I’m a Police Reserve Officer for the city of Richfield.
Is that why, I want to shout, “No, Don’t Leave Your Wallet There!” to the lady who has her billfold sitting on the ledge in the coffee shop. Anybody could open the door, grab her billfold, and be gone.
Or, is it because I’ve stolen before?
In my teens, I did a number of things that I am not proud of. At one point, taking blank checks from my parent’s checkbook, signing their name, and then retrieving the cancelled checks from the mailbox. Our life was so chaotic that I got away with it for … awhile.
I want to holler to the woman who is walking to the shower at the YMCA, “NO, don’t leave your iPod sitting on your gym bag. Cover it!”
While still a teen, I opened the back of a car, once, and took the person’s groceries. Not because I was hungry but because it was there and because I could.
I often tell Juan Jose’ and Crystel to care for their belongings, that they could be stolen.
Soon after getting her phone, Crystel left it at our table in the restaurant, while we helped ourselves at the buffet. It wasn’t until we were walking to the car that she realized that it was gone. I saw her startled face. She was stricken. I pulled her phone out of my pocket. Told her that as far as a thief was concerned she had just laid $500 on the table and put a sign out that said, Take Me, when she walked away from the table.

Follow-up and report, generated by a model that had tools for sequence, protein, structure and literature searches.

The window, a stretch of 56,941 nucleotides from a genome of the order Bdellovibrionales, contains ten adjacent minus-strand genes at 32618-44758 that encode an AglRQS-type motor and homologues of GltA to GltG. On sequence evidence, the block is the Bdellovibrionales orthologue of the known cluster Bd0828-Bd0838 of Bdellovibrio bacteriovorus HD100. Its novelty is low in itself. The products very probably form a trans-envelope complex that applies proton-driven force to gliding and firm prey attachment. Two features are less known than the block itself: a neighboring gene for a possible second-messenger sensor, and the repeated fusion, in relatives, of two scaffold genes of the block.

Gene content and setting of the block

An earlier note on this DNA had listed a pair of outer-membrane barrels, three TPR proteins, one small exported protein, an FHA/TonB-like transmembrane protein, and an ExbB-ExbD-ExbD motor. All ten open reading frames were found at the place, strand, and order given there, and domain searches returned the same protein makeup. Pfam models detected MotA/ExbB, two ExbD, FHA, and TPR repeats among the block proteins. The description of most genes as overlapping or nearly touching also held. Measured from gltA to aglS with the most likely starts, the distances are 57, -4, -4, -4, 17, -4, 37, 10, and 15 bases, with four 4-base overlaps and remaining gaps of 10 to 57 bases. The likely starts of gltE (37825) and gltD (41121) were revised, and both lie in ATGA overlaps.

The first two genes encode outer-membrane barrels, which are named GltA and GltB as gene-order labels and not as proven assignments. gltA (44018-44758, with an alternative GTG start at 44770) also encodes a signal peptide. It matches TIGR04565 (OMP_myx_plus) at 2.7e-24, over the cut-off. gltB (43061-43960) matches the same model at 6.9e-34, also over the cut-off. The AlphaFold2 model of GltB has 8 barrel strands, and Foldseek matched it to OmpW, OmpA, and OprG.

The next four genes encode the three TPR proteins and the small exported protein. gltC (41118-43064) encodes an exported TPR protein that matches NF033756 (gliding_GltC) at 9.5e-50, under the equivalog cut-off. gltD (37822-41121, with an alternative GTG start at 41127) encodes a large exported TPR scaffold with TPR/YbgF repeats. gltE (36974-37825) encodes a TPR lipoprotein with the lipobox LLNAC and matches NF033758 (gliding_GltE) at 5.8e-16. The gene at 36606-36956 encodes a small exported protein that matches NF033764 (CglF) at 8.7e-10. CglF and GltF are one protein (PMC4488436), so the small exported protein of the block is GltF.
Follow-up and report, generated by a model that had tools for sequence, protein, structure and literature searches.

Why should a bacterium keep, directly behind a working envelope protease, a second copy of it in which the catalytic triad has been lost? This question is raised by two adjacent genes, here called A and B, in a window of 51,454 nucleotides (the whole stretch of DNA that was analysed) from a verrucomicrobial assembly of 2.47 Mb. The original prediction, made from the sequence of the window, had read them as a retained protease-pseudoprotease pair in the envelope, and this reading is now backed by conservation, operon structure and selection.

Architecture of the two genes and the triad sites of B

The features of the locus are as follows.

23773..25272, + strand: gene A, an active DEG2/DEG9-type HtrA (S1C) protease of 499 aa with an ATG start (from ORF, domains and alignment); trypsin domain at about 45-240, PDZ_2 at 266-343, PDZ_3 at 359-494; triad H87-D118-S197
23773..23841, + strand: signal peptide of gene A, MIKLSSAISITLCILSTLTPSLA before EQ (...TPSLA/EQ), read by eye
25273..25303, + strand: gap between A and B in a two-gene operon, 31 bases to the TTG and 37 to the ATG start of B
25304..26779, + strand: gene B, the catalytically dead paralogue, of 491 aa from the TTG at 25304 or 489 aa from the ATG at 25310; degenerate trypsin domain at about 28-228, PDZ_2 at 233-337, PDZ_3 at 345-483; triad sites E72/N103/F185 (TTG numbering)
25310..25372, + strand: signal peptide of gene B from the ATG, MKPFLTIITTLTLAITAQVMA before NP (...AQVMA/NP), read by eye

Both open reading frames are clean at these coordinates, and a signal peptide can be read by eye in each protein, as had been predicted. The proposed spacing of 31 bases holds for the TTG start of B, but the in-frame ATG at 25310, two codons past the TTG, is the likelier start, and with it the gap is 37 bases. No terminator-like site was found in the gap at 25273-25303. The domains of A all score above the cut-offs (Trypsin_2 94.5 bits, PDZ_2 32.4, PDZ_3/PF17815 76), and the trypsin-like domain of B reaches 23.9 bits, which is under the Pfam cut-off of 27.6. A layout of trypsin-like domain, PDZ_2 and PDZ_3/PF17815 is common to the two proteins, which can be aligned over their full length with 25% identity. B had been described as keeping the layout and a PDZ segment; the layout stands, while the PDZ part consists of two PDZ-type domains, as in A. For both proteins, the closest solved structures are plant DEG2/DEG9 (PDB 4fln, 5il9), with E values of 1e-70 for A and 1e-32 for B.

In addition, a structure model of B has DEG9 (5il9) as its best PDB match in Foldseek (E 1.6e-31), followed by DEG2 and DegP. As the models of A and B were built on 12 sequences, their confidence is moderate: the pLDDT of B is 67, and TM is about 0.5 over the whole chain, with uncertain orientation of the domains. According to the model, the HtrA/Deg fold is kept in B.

When I first put on a Police Reserve jacket ten years ago, it felt very comfortable. After a moment, I realized why. I had stolen a similar jacket from a river bar when I was seventeen. The bar had live music, dancing, and it was sticky hot. People piled their jackets in a corner. I eyed the pile, picked out a dark blue jacket that I thought might fit me and walked out of the bar. I wore that jacket for a couple of years.
Sunday evening, I was helping Scouts with their personal fitness badge. A billfold and phone were laying in a pile amongst papers and pencils on the ground. “Someone is going to stay here, with their stuff, right?” I asked. The Scouts had walked across the street to a park to run a mile. Still, I was nervous. I reached down and put the billfold and phone in my pocket for safekeeping.
This morning I got a text from our neighbor: FYI: someone rifled through my vehicle (on my driveway) last night. It was unlocked. I think only took some cash. I reported to police. They said at least 5 people from Morgan to Logan area reported the same thing.
I’ve sat in many police reserve trainings, and we discuss car break-ins. We provide a Theft from Auto Prevention Program by conducting a risk survey of unoccupied vehicles, in hopes that drivers will think about what they are leaving behind in their unlocked car. We tuck the result of our inspection under windshield wipers.
I text her back: It happened to us as well. Too embarrassed to report. Jody and I are Police Reserve Officers.
I also use my past as an example that people make mistakes and can change.